How to Grow African Lilies Inside

African lily with purply blue flowers

The Spruce / Gyscha Rendy

The Agapanthus sometimes called the blue African lily (Agapanthus africanus) or just African lily is a wonderful plant for the right spot. A mature plant has strap-like leaves growing in a dense clump and then bursts into a succession of flowers in the late spring through the summer. The flowers rise above the main body of the plant on long stems and nod gracefully over the leaves. The typical color is blue. The key to growing Agapanthus well inside is to provide plenty of light during the growing season—which can mean full sun, or as near to full sun as you can manage. If you can satisfy this requirement and take care of a few basic watering rules, you'll almost be guaranteed to have a splendid display of flowers throughout the summer months.

Botanical Name Agapanthus africanus
Common Name African lily, blue African lily
Plant Type Bulb, perennial
Mature Size 9 in. to 30 in. high
Sun Exposure Bright indirect light indoors
Soil Type Rich, well-draining
Soil pH Acid, Neutral, Alkaline
Bloom Time Winter
Flower Color Blue
Hardiness Zones 8-10, USDA
Native Area Africa

How to Grow Agapanthus

Agapanthus is a great plant for a large tub on a wheeled tray. In the summertime, wheel the plant to your patio or balcony and let it bloom vigorously. It's guaranteed to attract loads of attention. In the winter, wheel the plant inside to a cool room (even as low as 45˚F) with much less light while the plant rests and dies back. New growth will emerge in the spring, and the cycle can start over again. These plants appreciate ample water in the summer, but very little water in the winter. Be careful not to waterlog the plant as this can encourage root rot under the soil level and eventually kill the plant.


During the early spring, move to a very bright, sunny position. Many people even move them outdoors to patios throughout the summer months to enjoy their blooms. In the winter, a cool, somewhat dimmer room is perfect.


Begin in the spring, start watering regularly and keep it coming throughout the bloom. In the winter, after the flower heads have died back and the weather is cool, move the plant indoors and almost totally suspend water while the plant is resting.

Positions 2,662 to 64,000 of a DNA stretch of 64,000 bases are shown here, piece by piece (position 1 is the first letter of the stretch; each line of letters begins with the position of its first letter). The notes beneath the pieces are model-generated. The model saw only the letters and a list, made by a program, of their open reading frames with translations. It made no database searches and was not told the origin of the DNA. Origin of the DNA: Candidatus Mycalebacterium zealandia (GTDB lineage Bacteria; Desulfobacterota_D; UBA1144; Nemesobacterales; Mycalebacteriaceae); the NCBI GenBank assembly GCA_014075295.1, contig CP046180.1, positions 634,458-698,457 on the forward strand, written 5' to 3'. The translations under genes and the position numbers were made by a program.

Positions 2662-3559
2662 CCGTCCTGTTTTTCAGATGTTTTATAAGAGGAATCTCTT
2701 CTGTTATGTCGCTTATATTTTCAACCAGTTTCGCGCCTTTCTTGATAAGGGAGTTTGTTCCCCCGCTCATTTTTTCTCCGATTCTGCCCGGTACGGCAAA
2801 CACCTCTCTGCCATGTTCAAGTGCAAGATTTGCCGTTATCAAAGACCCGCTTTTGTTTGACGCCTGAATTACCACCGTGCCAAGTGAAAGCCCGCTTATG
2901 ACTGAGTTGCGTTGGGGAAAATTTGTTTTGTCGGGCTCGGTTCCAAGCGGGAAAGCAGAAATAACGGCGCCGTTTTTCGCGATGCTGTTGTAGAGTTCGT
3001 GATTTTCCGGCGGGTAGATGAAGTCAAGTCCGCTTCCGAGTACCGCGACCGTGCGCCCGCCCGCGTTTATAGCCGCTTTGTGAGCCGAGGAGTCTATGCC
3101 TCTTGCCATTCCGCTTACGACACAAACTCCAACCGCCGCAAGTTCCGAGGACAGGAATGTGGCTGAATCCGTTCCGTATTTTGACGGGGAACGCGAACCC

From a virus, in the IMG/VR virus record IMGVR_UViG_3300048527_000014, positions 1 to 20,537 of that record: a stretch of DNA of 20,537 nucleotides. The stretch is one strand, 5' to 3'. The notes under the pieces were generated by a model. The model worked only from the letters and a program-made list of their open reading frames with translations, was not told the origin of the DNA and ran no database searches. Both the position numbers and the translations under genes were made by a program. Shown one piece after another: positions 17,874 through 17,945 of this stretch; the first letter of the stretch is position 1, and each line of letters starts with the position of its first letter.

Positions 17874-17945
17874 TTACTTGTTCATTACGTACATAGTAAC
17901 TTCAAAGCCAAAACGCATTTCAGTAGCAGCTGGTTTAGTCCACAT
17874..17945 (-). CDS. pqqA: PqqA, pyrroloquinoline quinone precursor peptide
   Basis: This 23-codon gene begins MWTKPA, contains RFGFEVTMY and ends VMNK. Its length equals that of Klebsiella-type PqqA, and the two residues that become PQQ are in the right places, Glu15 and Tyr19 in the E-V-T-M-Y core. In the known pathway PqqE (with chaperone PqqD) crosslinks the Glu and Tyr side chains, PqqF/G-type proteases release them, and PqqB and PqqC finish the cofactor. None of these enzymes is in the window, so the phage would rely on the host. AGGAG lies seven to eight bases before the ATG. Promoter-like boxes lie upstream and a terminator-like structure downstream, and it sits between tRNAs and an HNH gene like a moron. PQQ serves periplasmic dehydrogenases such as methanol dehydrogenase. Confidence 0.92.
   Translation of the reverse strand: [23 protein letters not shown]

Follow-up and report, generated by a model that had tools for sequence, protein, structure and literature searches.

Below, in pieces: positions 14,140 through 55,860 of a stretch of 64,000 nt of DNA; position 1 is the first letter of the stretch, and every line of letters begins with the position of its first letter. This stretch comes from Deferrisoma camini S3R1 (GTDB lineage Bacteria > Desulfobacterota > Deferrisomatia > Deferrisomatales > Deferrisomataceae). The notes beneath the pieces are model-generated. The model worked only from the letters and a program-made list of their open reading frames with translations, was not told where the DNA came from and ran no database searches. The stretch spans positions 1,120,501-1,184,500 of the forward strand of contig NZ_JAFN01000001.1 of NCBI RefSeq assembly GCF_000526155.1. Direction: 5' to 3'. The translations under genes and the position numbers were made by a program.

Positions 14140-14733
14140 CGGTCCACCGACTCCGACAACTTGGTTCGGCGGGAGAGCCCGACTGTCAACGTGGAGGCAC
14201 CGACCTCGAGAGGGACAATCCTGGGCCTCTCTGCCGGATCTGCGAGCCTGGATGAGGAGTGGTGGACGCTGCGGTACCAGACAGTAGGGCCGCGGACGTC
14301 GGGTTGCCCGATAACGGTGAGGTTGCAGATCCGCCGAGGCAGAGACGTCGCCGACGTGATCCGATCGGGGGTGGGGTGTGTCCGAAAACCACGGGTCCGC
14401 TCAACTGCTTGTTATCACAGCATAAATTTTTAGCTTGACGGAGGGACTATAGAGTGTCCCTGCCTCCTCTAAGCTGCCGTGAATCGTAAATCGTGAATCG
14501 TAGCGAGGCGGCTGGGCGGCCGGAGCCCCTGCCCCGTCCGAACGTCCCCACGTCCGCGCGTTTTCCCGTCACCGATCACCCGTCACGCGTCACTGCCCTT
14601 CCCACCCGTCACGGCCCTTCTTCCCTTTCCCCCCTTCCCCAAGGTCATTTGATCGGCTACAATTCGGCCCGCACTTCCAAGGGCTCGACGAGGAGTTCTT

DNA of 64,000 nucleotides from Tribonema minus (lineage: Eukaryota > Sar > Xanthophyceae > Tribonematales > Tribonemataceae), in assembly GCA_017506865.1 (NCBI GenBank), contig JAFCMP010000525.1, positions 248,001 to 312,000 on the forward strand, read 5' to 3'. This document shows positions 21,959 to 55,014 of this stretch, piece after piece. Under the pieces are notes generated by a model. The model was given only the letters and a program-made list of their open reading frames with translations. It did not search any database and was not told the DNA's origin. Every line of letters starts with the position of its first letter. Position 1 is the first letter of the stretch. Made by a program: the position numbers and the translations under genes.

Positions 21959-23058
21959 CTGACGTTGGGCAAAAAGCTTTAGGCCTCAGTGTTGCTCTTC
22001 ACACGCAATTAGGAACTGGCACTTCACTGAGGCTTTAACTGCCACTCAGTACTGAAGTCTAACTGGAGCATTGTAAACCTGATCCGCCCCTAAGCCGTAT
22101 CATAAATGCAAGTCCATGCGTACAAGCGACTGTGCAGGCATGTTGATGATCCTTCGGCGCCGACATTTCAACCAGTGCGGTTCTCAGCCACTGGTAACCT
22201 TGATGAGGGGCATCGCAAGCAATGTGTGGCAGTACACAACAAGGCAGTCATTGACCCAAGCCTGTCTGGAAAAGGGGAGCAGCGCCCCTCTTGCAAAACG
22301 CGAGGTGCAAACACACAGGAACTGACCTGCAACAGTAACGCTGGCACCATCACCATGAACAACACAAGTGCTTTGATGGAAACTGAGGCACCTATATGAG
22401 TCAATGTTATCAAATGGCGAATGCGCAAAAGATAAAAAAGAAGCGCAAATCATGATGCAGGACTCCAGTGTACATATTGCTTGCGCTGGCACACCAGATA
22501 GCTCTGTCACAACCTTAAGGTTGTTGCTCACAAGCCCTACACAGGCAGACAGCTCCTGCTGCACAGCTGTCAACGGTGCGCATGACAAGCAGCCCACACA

A rich, peat-based potting soil is fine. Good drainage will help.


Feed with a weak liquid fertilizer beginning in the spring and up until flowering. During flowering, suspend feeding and cease feeding in the winter. These plants bloom more aggressively if they're slightly stressed out.


Agapanthus is easily propagated by divisions. In the springtime, dig out a clump of plants and plant in a new container, then water well and move to a warm spot. This is helpful, too, in reducing the need for repotting regularly.

Potting and Repotting

Agapanthus blooms better when slightly root-bound just like the blood lily, so there is no need to repot annually. In general, depending on the size of the container and the rate of growth, you might only have to repot every four years or so. If you're worried that the plant seems crowded, take a division in the spring and pot into a separate pot, but leave the "mother" plant intact. One of the great advantages of these plants is the massed effect of flowers.

African lily by a pool
The Spruce / Gyscha Rendy

Types of Agapanthus

The most common species is A. Africanus, which is a fairly large plant for indoor cultivation. It features flower stalks that easily rise two feet above the soil level and form a striking display. The other species sometimes seen is cultivation is A. orientalis, which is even larger than its cousin, with flower stalks that can rise three feet above. Both species do best if planted in a large tub and allowed to fill it in.

Common Pests

These plants are not particularly vulnerable to pests but look for the typical signs of infestation, such as tiny webs that might indicate mites.